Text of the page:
Sunday, July 3, 2022

Tech Start-up iDrop Expands to South Florida

The digital age has ushered in a new era of convenience for consumers and delivered it to their doors at the touch of a button and free two-day shipping. Leaving the house for food and common household items is replacing “walking uphill both ways in the snow” as the new adage for effort as services like UberEats and Instacart remove time-consuming commutes from our schedules and now, with the South Florida debut of tech start-up iDrop, the home improvement space is getting a digital renovation.

“If you’ve ever done a home project around your house, it’s just never-ending trips back and forth,” says iDrop Co-Founder and CEO Josh Wetherington, who aims to take the hassle out of home improvement.

As a member of the Air Force Reserves since he finished high school, Wetherington used his time between commitments to start several handyman companies and also oversaw repairs and upkeep for foreclosed properties. He knows the importance of having everything needed for a job, especially after seeing the frustrating delays caused by contractors having to pack up and leave a job site to buy one small part or tool. Wetherington was using a grocery delivery app when he realized there might be a way to remove this inconvenience from the workday.

Josh Wetherington, photo courtesy of iDrop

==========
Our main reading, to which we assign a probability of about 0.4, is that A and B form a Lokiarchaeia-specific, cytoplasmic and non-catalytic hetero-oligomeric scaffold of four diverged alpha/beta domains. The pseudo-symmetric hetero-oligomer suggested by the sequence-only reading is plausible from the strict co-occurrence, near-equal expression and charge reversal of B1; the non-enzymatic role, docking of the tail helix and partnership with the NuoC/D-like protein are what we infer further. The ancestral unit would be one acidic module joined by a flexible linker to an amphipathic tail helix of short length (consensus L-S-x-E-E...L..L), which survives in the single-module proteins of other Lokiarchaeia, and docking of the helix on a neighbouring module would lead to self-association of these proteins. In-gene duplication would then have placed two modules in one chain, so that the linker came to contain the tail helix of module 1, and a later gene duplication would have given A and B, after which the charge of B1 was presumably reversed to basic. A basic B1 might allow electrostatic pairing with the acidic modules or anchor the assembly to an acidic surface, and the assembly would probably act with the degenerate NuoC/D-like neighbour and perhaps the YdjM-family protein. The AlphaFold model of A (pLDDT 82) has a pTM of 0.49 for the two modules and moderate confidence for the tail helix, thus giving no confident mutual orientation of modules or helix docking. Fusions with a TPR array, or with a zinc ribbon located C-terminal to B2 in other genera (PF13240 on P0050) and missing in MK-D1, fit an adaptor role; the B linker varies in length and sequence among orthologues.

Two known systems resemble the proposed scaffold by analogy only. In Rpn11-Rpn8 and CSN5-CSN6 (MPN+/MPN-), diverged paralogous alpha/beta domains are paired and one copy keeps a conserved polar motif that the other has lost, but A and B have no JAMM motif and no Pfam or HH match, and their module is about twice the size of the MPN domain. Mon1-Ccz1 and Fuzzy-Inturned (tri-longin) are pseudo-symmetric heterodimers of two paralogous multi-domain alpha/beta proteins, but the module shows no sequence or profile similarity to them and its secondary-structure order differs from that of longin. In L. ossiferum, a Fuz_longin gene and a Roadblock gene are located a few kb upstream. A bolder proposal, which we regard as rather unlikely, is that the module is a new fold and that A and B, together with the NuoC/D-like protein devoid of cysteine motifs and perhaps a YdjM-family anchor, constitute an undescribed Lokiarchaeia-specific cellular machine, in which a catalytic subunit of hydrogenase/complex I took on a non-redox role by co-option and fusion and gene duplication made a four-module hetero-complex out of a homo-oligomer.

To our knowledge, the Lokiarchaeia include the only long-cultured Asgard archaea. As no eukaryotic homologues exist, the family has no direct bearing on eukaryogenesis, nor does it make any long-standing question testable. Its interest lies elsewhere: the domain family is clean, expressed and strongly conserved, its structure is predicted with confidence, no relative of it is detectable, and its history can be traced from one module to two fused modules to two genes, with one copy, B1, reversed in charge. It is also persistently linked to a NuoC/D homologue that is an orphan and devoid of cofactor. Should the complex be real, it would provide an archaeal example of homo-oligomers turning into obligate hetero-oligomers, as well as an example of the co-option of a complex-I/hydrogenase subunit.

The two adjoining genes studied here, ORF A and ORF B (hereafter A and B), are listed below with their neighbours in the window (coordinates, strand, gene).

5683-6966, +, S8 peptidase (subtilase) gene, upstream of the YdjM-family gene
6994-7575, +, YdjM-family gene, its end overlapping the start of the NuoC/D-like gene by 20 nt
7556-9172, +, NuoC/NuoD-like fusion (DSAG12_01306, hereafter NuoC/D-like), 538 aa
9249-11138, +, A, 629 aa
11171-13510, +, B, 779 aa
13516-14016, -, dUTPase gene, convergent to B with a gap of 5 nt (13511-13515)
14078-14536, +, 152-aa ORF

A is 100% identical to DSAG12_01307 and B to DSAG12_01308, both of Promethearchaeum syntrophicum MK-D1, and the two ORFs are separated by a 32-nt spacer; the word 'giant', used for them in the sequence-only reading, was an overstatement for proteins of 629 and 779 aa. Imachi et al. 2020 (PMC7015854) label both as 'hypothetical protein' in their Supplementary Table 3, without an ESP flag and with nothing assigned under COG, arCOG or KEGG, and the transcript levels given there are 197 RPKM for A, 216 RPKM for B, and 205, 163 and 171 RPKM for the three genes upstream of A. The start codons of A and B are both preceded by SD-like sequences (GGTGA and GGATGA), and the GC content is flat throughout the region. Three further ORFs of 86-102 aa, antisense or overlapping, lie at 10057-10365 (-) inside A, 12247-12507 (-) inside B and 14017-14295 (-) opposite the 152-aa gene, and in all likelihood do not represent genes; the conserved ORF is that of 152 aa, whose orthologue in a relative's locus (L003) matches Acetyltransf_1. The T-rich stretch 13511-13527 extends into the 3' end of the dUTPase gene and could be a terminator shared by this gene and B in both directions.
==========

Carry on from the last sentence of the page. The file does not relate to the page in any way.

“I just thought, ‘Hey there’s nothing out there like this for the contractors and the home improvement space, so let’s figure out what to do,'” says Wetherington, and within a year he and his partners developed a minimal viable version of an app, a sort of skeletal frame for what would become iDrop. “As you can imagine, it’s a lot of work to build an app, I had no clue how much work it was going to take.”

Four years later, the Melbourne-based company has gone from delivering from a single store to expanding to 11 Lowe’s locations throughout South Florida, including Boca Raton, but has goals of broadening even further by adding delivery services from other home improvement stores such as Ace Hardware and Tractor Supply.

How it works: Using the iDrop app (available for Apple and Android), peruse an up-to-date inventory of small-to-medium sized items from your nearest Lowe’s store, select the supplies needed for your home project and place your order. A driver from iDrop’s network will go to the store, purchase the items and bring them to your door with same-day delivery.

Wetherington hopes to fill the void of that “forgotten last-minute item” and keep contractors on the job or DIY enthusiasts at home with their families. And with drivers for iDrop taking home half of the app’s 20 percent convenience fee on top of tips, gig economy workers have a new money-making opportunity.

For Wetherington, it’s exciting to be part of Florida’s booming tech economy. “Everything used to be west,” he says, “you had to go to silicon valley to be a start-up, but [now] we’re seeing some of that shift to the east coast.” As iDrop continues to draw in customers and funding, Wetherington hopes to eventually expand to other cities and states.

As a new player in the South Florida tech start-up scene, Wetherington says that iDrop’s mission is simple. “The mission statement for us is just to provide customers with a simple, fast, easy way to get materials, and to get more done in less time.”

To learn more about iDrop or download the app, visit their website here.

Tyler Childress
Tyler is the Web Editor and a contributing writer for Boca Raton magazine. He is an FAU summa cum laude graduate in Multimedia Studies who enjoys covering tech, education, housing and any other issues affecting South Florida.

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